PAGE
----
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Firefly population fading fast

Preecha Jiabyu used to take tourists on a rowboat to see the banks of the Mae Klong River aglow with thousands of fireflies.

These days, all he sees are the fluorescent lights of hotels, restaurants and highway overpasses. He says he'd have to row a good two miles to see trees lit up with the magical creatures of his younger days.

“The firefly populations have dropped 70 percent, in the past three years,” said Preecha, 58, a former teacher who started providing dozens of row boats to compete with polluting motor boats. “It's sad. They were a symbol of our city.”

The fate of the insects drew more than 100 entomologists and biologists to Thailand's northern city of Chiang Mai last week for an international symposium on the “Diversity and Conservation of Fireflies.”

They then traveled Friday to Ban Lomtuan, an hour outside of Bangkok, to see the synchronous firefly Pteroptyx malaccae – known for its rapid, pulsating flashing that look like Christmas lights.

From backyards in Tennessee to riverbanks in Southeast Asia, researchers said they have seen fireflies dwindling in number.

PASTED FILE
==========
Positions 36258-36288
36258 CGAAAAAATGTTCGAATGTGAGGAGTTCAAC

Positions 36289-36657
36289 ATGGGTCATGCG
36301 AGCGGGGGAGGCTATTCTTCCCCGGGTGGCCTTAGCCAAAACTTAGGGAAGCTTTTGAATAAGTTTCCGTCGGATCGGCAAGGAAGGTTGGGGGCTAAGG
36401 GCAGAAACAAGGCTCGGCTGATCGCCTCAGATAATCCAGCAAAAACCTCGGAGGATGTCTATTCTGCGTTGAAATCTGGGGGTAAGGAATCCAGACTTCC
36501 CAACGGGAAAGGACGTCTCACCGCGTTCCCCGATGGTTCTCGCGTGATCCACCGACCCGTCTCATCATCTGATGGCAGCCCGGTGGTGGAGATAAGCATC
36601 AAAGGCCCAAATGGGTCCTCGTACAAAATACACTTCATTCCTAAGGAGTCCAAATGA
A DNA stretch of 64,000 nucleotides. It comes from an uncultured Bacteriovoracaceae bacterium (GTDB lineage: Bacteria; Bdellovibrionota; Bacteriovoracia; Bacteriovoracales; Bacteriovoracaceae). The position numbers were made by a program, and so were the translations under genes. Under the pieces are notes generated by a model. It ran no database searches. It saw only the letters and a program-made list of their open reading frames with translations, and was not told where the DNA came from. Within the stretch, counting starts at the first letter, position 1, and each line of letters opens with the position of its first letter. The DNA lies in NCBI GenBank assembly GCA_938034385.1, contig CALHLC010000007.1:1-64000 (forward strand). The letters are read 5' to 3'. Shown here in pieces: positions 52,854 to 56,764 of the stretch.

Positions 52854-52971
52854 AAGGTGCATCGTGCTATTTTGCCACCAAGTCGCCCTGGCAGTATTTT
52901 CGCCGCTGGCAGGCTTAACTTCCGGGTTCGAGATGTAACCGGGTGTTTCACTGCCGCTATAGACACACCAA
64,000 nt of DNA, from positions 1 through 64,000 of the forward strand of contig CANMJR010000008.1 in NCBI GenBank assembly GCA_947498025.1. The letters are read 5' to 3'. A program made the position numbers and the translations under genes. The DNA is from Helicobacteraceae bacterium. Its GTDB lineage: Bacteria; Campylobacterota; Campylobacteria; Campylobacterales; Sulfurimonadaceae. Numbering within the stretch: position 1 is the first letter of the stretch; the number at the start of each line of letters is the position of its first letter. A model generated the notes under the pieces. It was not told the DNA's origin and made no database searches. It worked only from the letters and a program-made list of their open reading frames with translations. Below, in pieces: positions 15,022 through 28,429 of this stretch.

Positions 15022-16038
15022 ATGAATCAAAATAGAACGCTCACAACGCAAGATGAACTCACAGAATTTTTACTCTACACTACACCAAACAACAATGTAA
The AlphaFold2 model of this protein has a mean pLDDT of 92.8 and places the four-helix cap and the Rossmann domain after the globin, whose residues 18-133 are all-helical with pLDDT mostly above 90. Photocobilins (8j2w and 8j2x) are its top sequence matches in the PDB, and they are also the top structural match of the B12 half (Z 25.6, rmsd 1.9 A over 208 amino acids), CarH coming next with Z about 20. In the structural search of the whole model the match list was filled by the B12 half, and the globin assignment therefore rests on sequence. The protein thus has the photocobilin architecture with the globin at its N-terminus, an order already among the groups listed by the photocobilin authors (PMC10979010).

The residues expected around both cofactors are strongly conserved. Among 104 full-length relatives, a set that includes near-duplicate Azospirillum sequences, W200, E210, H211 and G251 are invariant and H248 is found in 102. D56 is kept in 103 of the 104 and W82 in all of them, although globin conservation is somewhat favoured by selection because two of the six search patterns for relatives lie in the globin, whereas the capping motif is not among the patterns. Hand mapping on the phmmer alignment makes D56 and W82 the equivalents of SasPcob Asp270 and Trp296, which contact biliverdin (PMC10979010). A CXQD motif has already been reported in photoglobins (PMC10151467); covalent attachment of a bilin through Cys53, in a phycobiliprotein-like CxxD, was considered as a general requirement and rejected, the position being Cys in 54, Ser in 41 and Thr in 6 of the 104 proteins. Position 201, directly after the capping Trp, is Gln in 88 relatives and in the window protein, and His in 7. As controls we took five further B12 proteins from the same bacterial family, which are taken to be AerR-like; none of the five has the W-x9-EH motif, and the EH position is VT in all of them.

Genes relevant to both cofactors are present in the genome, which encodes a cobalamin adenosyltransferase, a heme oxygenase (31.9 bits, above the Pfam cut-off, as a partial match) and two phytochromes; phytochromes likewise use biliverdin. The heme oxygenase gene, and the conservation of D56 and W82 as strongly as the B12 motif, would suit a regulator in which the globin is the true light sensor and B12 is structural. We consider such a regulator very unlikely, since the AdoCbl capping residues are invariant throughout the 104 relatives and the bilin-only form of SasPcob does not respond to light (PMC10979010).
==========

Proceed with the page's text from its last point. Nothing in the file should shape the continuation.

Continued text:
No single factor is blamed, but researchers in the United States and Europe mostly cite urban sprawl and industrial pollution that destroy insect habitat. The spread of artificial lights also could be a culprit, disrupting the intricate mating behavior that depends on a male winning over a female with its flashing backside.

“When you talk to old people about fireflies, it is always the same,” said Stefan Ineichen, a researcher who studies fireflies in Switzerland. “They saw so many when they were young, and now they are lucky now if they see one.”

There are some 2,000 species and researchers are constantly discovering new ones. Many have never been studied, leaving scientists in the dark about the potential threats and the meaning of their Morse code-like flashes that signal everything from love to danger.

A nocturnal insect as small as a human fingertip can't be tagged and tracked like bears or even butterflies, and counting is difficult when some females spend most of their time on the ground or don't flash.

Scientists acknowledge the urgency to assess fireflies may not match that of polar bears or Siberian tigers. But they insist fireflies are a “canary in a coal mine” in terms of understanding the health of an ecosystem.

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